NICE updates guidelines on atrial fibrillation based on new evidence

pharmafile | April 27, 2021 | News story | Manufacturing and Production NICE 

NICE has updated its guideline on the diagnosis and management of atrial fibrillation (AF) based on new evidence found since publication of the previous guideline in 2014.

This new evidence includes bleeding risk calculation, the role of newer anti-clotting agents (anticoagulants), and ablation (interventions that aim to destroy or isolate the abnormal sources of electrical impulses in the heart that may be driving AF).

In the guideline published today, it states that evidence shows that ORBIT is the most accurate tool for predicting absolute bleeding risk in people with AF. However, the guideline acknowledges that other bleeding risk tools, including HAS-BLED which NICE’s previous guideline recommended, may need to be used until ORBIT is embedded in clinical pathways and electronic systems.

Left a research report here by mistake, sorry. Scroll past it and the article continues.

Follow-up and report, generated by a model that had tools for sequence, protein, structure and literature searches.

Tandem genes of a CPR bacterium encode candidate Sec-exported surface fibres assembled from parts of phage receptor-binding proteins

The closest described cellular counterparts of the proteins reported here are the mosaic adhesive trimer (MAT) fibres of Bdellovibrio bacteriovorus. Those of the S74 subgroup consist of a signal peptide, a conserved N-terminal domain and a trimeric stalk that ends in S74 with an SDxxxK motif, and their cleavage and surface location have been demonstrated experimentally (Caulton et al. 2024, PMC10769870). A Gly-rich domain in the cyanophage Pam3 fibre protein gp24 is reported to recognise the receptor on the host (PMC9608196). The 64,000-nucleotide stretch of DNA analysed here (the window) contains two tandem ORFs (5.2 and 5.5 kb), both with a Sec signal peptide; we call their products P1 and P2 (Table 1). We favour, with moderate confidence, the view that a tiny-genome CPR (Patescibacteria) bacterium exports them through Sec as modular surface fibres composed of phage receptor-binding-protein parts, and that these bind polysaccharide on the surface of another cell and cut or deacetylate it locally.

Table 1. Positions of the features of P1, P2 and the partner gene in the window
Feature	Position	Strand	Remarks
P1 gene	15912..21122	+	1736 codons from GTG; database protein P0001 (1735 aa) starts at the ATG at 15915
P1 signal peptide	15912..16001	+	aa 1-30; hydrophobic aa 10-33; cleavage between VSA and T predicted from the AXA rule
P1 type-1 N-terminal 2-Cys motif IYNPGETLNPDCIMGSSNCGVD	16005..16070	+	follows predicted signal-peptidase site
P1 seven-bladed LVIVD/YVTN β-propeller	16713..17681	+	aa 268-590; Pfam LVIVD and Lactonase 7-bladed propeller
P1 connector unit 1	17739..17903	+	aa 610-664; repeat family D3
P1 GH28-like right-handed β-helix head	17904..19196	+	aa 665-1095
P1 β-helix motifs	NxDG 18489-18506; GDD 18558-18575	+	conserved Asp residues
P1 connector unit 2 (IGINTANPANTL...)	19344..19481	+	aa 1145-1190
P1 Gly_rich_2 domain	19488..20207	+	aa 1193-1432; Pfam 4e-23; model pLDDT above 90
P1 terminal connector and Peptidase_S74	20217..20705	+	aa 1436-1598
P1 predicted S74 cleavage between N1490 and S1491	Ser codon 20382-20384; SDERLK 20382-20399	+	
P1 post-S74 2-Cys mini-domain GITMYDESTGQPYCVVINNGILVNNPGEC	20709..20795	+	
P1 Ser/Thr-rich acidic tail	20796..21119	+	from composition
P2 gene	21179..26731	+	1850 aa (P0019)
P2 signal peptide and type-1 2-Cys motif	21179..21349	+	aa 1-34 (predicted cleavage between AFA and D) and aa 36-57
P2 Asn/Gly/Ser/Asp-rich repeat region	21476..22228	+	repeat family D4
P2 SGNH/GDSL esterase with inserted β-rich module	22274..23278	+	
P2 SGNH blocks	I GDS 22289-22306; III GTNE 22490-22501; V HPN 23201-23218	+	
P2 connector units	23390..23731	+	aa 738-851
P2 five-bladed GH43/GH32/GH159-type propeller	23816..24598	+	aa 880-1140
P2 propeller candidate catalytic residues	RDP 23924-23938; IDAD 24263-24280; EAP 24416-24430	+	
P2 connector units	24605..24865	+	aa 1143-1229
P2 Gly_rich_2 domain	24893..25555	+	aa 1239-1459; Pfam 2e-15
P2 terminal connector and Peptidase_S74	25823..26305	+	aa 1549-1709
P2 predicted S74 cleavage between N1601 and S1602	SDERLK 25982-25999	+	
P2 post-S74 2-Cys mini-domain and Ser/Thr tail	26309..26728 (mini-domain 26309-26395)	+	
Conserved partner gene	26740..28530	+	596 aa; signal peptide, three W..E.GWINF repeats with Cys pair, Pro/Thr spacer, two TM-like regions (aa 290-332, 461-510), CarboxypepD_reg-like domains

Anticoagulation was also recommended, with a direct-acting oral anticoagulant being offered to people with atrial fibrillation and a high risk of stroke (CHA2DS2-VASc score of 2 or above), taking into account the risk of bleeding.

When drug treatment is unsuccessful, unsuitable or not tolerated in people with symptomatic intermittent or persistent atrial fibrillation, the updated guideline says radiofrequency point-by-point ablation should be considered or, if this isn’t suitable, either cryoballoon ablation or laser balloon ablation.

AF is the most common heart rhythm disorder, affecting approximately 2% of the adult population, and estimates suggest its prevalence is increasing. AF causes palpitations and breathlessness in many people but it may also be silent and undetected.

If left untreated it is a significant risk factor for stroke and other morbidities and it is estimated that it is responsible for approximately 20% of all strokes and is associated with increased mortality. Men are more commonly affected than women and the prevalence increases with age and in underlying heart disease, diabetes, obesity and hypertension.

Kat Jenkins

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